Young people from the Mediterranean region demand more action from the European Union in employment, climate change, health, gender equality, human rights and fight against corruption


On the 10 of May, 6 young Mediterranean people debated on what are their priorities and expectations towards the European Union (EU) as part of a special event organised by the ENI CBC Med Programme to mark the Europe Day. While they see in the EU as a guarantor of human rights, freedom of speech, gender equality, they also asked for more actions in employment, environment and conflict resolution.

Solidarity, openness and more cooperation: starting point of the debate

There are aged between 17 and 27. They come from all over the Mediterranean region. They are full of expectations but also frustrations. They are highly engaged in social and environmental issues. During more than two hours, the ENI CBC Med team carried out a debate with 6 young people to listen to their aspirations as citizens of the Mediterranean region and their expectations towards the European Union.

The youngest panellist, Bianca Carrera Espriu, a 17-year-old Spanish girl stood out with her maturity and commitment. Bianca, who co-founded the 'Peace on Climate' initiative together with Haya Abushkhaidem, a Palestinian journalist, started the debate advocating for more solidarity between human beings but also towards animals and ecosystems. She asked for more respect towards the planet. 

Haya, 27 years old, chose a different angle to start the debate with. She insisted on the fact that the EU should better support journalists in the MENA region. It is of utmost importance to learn about EU neighbouring countries from their own perspectives and not from European ones, she highlighted. 

Alonso Císcar, a 19-year-old Spanish guy opted for science. His first message to the EU is to focus more on cooperation when tackling science as he believes that science has great potential when it is done in a cooperation framework.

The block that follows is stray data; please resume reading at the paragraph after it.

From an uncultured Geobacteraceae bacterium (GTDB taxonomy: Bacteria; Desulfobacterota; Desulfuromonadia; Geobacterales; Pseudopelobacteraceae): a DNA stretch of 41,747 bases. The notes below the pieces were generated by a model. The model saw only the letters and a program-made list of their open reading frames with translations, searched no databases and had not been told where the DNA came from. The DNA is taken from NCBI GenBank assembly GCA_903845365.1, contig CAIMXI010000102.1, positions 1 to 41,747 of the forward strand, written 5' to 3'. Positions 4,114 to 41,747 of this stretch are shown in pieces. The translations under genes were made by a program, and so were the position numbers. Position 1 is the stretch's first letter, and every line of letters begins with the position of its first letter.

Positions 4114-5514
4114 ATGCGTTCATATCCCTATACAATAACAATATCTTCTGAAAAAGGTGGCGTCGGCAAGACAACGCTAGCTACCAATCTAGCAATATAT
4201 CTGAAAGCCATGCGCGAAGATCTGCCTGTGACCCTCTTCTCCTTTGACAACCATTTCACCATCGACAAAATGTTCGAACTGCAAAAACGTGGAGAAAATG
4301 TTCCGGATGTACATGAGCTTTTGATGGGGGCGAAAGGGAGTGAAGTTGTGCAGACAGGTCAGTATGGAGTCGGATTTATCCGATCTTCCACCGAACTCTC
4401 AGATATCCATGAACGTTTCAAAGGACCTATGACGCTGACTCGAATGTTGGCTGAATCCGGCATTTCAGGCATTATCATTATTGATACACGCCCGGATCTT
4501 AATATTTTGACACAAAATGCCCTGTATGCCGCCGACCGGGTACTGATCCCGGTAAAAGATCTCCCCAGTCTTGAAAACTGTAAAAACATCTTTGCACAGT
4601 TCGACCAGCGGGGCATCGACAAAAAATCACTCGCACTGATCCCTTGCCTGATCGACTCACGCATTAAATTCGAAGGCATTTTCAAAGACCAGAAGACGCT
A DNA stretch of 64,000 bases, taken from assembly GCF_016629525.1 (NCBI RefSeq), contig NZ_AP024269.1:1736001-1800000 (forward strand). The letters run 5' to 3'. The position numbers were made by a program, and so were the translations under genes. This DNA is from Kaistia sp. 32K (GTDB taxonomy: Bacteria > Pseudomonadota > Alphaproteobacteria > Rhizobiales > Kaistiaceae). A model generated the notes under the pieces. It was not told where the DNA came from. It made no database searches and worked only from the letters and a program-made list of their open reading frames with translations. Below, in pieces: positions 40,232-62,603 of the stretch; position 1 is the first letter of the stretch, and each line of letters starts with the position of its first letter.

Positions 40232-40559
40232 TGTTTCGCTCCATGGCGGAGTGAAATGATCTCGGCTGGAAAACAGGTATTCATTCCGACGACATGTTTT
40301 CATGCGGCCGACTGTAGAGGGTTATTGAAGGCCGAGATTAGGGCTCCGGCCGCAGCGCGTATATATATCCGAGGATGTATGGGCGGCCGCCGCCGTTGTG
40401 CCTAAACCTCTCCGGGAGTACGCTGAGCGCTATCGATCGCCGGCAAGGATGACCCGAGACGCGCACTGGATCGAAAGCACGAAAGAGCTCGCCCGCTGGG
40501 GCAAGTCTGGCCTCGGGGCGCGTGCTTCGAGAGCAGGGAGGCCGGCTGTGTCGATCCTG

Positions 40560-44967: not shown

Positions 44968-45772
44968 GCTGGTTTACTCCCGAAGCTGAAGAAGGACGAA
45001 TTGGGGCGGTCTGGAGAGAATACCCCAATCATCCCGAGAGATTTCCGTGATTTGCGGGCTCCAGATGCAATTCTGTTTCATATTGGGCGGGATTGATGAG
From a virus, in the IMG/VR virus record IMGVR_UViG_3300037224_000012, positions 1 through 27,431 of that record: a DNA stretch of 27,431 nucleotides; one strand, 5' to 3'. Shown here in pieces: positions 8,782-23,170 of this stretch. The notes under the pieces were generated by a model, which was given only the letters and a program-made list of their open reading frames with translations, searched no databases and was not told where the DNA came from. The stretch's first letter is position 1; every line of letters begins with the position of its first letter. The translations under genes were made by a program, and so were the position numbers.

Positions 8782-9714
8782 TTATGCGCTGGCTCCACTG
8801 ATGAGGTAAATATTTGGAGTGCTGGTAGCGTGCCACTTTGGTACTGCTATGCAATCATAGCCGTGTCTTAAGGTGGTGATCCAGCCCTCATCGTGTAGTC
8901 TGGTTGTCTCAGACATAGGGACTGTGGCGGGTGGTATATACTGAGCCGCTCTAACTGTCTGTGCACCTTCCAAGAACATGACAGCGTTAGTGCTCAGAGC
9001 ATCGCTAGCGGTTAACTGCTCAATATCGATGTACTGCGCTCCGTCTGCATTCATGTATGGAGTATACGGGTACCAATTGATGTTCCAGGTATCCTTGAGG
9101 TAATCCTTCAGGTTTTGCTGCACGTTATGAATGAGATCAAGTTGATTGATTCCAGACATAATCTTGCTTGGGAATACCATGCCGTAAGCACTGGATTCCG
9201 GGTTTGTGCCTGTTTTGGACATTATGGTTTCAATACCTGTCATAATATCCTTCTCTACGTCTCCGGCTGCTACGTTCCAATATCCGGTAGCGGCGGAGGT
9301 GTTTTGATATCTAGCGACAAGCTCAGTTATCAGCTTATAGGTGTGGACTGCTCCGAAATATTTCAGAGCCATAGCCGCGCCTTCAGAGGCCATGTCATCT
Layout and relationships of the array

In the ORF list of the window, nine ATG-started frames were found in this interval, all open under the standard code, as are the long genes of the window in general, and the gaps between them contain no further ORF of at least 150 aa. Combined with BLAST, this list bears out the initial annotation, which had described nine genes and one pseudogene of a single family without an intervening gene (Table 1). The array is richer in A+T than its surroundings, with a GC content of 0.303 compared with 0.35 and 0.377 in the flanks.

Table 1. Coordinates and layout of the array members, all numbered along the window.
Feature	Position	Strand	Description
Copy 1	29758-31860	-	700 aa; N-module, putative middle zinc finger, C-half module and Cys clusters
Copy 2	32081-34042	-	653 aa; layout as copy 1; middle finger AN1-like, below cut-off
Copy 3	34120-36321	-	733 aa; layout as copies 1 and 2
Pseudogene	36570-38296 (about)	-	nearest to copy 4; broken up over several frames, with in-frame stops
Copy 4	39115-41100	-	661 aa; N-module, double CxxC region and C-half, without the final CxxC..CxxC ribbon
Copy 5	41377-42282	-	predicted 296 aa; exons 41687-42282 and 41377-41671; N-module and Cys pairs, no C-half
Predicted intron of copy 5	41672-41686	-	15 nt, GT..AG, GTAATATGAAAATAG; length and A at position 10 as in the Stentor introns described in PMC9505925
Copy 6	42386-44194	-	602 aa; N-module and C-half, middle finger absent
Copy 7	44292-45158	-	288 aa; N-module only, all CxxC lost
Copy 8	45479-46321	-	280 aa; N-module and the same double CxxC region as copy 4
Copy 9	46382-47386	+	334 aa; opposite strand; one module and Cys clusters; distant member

Yara Acaf, a 24-year-old Lebanese girl focused on the importance of working together on common problems we are facing in both sides of the Mediterranean such as climate change, migration and lack of freedom of speech. She believes that by learning from each other, we can move forward and better address these challenges.

Finally, Shaima Chachai, a 20-year-old Moroccan girl, whose parents emigrated to Spain, and İrem Apaydın, a 20-year-old Turkish girl who currently lives in the Netherlands, both experience what it is to live abroad and face culture differences. Beyond family and friends, what they miss the most from their home countries is the sense of community and hospitality. 

By learning from each other, we can move forward and better address common challenges.

They are all different and come from such diverse backgrounds, but they seem to share common values: openness and accepting the others as they are. A message of tolerance and hope in a time when we badly need it.

I think that something that we can bring from Morocco in Europe is the sense of community. In Western world, we are moving more towards to individualism.

They want their voices to be heard and they had a good ear to listen to them: Mr. Luis Miguel Padilla Bueno, the EU spokesperson in Arabic for the MENA region. He highlighted that the MENA region is the second youngest region in the world where half of the population is under 30. He took part in the debate to better understand their priorities and suggest what could be done to improve their situation especially regarding employment, highlighting how the EU has been consistently contributed, through programmes and projects, to creating job, vocational training and networking opportunities for young people. Mr. Bueno also insisted on the expectations towards the EU in the Mediterranean region and the many advantages the EU has, since “it does many things that other actors don’t”, mentioning the important engagement of the EU for civil society organisations, youth activists and media. Regarding the ENI CBC Med Programme, Mr. Bueno said that it is a good example of what the EU can do. “Connecting 14 countries of both sides of the Mediterranean is quite an accomplishment. Very few actors are able to this.”

Your [ENI CBC Med] Programme is a good example of what the EU can do. Connecting 14 countries of both sides of the Mediterranean is quite an accomplishment. Very few actors are able to do this.

Adapt recruitment methods to the new reality of the labour market and ban unpaid internships

Finding a job is one of the main priorities among young people. They are accepting unpaid internships as employers ask for lots of experience to recruit. This strategy is not sustainable and acceptable anymore. Recruiters have to be more realistic and lower their expectations. Many recently graduated students were not able to do an internship during the last year and a half, due to the pandemic. Most of the speakers shared their common feeling of frustration and unfairness to work for free for the sake of gaining experience and have a chance to be recruited in the near future.